Diabetic cardiomyopathy is a rare complication of poorly controlled diabetes, which causes changes in the normal functioning of the heart muscle and can, over time, lead to heart failure. See the signs of heart failure. Generally, this type of cardiomyopathy is not related to other factors such as high blood pressure or coronary heart disease and, therefore, is attributed to changes caused by diabetes.
The vast majority of heart murmurs are not serious, and occur without any type of disease, being called physiological or innocent, arising due to the natural turbulence of the blood as it passes through the heart. This type of murmur is very common in babies and children, and it happens because the structures of the heart are still developing and can be disproportionate, therefore, most disappear over the years, with growth.
Pericarditis is inflammation of the membrane that covers the heart, also known as the pericardium, which causes very intense pain in the chest, similar to a heart attack. Common causes of pericarditis include infections such as pneumonia and tuberculosis, rheumatologic diseases such as lupus and rheumatoid arthritis, or radiation therapy to the chest.
Heart transplantation consists of replacing the heart with another, coming from an individual who is brain dead, who does not have heart disease and alterations and is compatible with that of the patient who has a potentially fatal heart problem.
Aortic calcification is a change that occurs due to the accumulation of calcium inside the aorta artery, which reduces the elasticity of the artery and makes it difficult for blood to pass through, causing symptoms such as chest pain and easy tiredness, in addition to increase the risk of serious complications such as heart attack or stroke.
Mitral stenosis corresponds to thickening and calcification of the mitral valve, resulting in a narrowing of the opening that allows the passage of blood from the atrium to the ventricle. The mitral valve, also known as the bicuspid valve, is a heart structure that separates the left atrium from the left ventricle.
Foods that are good for the heart and reduce the risk of cardiovascular diseases such as high blood pressure, stroke or heart attack are those rich in antioxidant substances, fiber and monounsaturated or polyunsaturated fats, such as olive oil, garlic, oatmeal, tomato and sardines, for example.
Hypertensive crisis, also called hypertension crisis, is a situation characterized by a rapid increase in blood pressure, usually around 180/110 mmHg and which, if left untreated, can lead to serious complications. This situation can happen in people who have never had blood pressure problems, however it is more common in people who have high blood pressure and do not follow the treatment recommended by the doctor.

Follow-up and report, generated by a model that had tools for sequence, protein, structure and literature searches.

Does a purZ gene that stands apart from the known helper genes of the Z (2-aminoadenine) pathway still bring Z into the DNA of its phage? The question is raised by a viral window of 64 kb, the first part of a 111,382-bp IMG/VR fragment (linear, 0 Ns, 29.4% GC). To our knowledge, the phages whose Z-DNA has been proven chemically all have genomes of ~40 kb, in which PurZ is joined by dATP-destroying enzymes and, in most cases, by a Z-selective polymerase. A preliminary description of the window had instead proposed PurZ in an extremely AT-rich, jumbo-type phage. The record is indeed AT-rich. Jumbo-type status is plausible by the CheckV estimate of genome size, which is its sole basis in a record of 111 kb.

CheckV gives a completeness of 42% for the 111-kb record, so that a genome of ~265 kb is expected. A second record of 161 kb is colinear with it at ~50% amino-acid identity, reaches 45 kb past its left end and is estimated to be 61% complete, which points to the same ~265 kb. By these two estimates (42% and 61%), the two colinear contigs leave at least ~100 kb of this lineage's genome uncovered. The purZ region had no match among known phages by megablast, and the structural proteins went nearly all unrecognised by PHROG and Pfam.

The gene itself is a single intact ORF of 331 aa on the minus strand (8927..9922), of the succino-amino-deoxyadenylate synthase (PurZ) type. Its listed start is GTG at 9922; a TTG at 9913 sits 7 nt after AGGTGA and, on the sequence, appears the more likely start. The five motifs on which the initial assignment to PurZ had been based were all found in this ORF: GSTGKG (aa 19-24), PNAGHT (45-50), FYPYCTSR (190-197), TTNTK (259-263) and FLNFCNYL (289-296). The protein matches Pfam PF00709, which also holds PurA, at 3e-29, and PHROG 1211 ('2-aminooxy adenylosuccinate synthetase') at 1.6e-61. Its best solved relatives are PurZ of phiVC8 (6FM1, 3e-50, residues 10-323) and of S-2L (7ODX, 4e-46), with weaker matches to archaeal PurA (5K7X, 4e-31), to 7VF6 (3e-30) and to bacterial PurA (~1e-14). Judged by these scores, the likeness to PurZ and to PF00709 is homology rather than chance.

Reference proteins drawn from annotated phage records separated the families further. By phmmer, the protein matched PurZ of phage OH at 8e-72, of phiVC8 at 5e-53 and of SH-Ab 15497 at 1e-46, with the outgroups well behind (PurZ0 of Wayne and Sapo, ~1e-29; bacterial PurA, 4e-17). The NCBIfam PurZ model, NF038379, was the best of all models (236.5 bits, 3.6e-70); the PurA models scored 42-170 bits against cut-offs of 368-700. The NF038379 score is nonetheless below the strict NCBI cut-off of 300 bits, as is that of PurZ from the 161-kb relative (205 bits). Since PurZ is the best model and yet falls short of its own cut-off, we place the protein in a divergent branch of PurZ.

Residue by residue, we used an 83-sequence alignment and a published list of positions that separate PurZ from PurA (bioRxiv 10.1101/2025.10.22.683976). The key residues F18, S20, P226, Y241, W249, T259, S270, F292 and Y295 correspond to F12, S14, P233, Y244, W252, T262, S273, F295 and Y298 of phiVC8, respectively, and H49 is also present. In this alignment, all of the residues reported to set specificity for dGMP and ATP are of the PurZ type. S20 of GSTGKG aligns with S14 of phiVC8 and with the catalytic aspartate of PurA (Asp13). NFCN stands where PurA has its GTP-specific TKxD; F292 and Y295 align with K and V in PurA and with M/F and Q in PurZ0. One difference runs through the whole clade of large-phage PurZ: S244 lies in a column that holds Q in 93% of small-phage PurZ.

Valvuloplasty is surgery performed to correct a defect in a heart valve so that blood circulation occurs correctly. This surgery may only involve repairing the damaged valve or replacing it with one made of metal, from an animal such as a pig or cow, or from a deceased human donor.
Endocarditis is inflammation of the tissue that lines the inside of the heart, especially the heart valves. It is usually caused by an infection elsewhere in the body that spreads through the blood to the heart and is therefore also known as infective endocarditis.
Bacterial endocarditis is an infection that affects the internal structures of the heart, especially the heart valves, due to the presence of bacteria that arrive through the bloodstream. It is a serious disease, with a high chance of mortality and that can be associated with several complications, such as stroke, for example.
Mitral valve prolapse is an alteration present in the mitral valve, which is a heart valve formed by two leaflets, which when closing, separates the left atrium from the left ventricle of the heart. Mitral valve prolapse is characterized by a failure to close the mitral leaflets, where one or both leaflets may have an abnormal displacement during left ventricular contraction.
The cardiovascular system is made up of the heart, blood and blood vessels, which are responsible for supplying the needs of the body's tissues, transporting nutrients such as oxygen, eliminating metabolism products, transporting hormones from one part of the body to another, and maintaining body fluids so that the cells function properly.
One of the main tips to manage high blood pressure is to reduce s alt intake, as s alt is rich in sodium, a mineral that, although essential for life, when consumed in excess causes blood pressure to increase, increasing the risk of serious cardiovascular problems, such as stroke or heart attack.